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- Mon Mar 17, 2008 5:01 pm
I am here posting for a close friend who has confided this information to me. She is too afraid to say anything to her doctor (yet, though I am insisting she should) and I am hoping to gain a little more insight for her and myself through this forum.
This friend of mine, we'll name her Katy, has been experiencing severe pains that sometimes leave her breathless and immobile. These pains occur in both of her legs, though primarily the left one, and it shoots up her leg to her buttock and sometimes she can hardly move afterwards. She has been experiencing bowel incontinence several times a month and she is forty-seven years old. She is a white female, 150 lbs, diagnosed with fibromyalgia, chronic fatigue disease, lupus and has had thyroid issues that have caused weight gain. She has had lupus for twelve years. She has had one child, and a hysterectomy.
Recently, Katy was participating in sexual activities with a man she is seeing when a bout of bowel incontinence arose. The sex was painful, and she is not sure whether or not it is because he was very large, or whether it had to do with something else. The bowel movement was of the consistancy of diarhhea, and she has been petrified since to be involved sexually with anyone for fear of it happening again.
She said somewhere, she'd read that sciatica can cause bowel movements during sexual activity - is this true, and if so, is there a treatment for this?
Is acupuncture recommended for this kind of situation?
She is still very young at heart and now she is so afraid of not being enough in the private parts of her life.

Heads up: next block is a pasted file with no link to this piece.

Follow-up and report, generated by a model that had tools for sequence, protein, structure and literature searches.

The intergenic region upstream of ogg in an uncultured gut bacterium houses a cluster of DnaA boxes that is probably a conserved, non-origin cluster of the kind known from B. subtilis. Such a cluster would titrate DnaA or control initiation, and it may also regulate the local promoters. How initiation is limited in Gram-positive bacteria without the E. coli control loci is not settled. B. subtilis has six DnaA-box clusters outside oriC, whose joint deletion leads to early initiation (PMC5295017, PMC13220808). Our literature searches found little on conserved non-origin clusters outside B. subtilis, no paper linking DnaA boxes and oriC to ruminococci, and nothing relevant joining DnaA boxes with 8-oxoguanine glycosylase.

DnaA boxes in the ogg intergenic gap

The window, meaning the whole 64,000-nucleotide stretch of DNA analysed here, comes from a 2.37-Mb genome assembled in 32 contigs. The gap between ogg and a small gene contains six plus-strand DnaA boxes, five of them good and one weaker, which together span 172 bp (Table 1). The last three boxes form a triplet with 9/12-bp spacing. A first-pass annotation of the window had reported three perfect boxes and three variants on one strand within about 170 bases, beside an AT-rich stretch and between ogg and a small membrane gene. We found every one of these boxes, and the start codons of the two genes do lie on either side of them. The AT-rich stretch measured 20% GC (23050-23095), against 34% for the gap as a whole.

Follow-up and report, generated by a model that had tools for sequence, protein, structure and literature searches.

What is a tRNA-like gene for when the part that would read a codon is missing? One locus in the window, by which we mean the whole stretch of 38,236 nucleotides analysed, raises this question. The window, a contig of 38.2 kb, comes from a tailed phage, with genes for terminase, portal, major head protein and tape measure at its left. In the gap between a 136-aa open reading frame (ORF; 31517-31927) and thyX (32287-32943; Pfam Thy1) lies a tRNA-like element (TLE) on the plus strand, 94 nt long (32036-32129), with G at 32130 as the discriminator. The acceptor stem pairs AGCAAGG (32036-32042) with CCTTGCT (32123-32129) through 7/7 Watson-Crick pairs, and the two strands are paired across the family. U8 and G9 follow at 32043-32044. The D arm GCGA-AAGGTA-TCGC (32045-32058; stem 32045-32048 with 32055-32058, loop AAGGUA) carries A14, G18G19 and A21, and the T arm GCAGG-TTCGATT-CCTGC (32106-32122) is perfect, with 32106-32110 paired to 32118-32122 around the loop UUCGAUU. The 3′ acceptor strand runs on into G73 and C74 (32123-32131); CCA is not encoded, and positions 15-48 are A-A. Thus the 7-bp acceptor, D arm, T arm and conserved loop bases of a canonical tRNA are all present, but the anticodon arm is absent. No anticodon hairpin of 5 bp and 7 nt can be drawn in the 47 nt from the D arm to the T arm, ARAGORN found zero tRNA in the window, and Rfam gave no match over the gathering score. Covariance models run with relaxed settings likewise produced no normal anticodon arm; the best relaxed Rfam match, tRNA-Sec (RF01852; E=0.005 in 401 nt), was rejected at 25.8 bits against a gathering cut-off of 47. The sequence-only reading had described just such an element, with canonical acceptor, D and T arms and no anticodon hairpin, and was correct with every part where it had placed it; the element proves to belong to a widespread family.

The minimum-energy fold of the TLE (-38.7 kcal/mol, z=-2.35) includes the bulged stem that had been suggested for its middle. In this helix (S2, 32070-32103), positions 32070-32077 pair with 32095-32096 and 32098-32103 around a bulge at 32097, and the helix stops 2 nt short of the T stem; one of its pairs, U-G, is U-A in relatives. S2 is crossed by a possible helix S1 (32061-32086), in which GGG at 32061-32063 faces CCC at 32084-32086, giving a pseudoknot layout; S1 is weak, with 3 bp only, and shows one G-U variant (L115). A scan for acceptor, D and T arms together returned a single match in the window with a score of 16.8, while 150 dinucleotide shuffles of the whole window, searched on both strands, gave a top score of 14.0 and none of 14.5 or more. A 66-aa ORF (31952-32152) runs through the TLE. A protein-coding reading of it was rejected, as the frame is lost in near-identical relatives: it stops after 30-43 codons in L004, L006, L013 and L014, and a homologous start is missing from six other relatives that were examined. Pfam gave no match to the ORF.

Please give your insight - could surgery possibly fix this problem, and what kind of specialist would she have to go to?
| Debbie Miller, RN
- Tue Mar 18, 2008 5:47 pm
Thank you for your concern about your friend. It is true that bowel function can be related to sciatica since it is actually nerve compression in the spine and bowel and bladder are innervated from the spine, just as the nerves in the legs are. So, the compression can cause malfunction in these organs. It is imperative that she seek medical attention. There are various treatment options. She can see a chiropractor or a neurologist or orthopedist. Her choice may depend on what style of medical treatment she is most comfortable with. It is possible she may get relief from conservative treatments such as adjustments or physical therapists. Some are experienced in treating sciatic nerve problems. In some cases patients benefit from surgery.
I do hope Katy will seek the help she needs and deserves. Besides her overall health and well-being, she needs to feel good about herself and not be afraid of intimacy.
Best wishes to you both.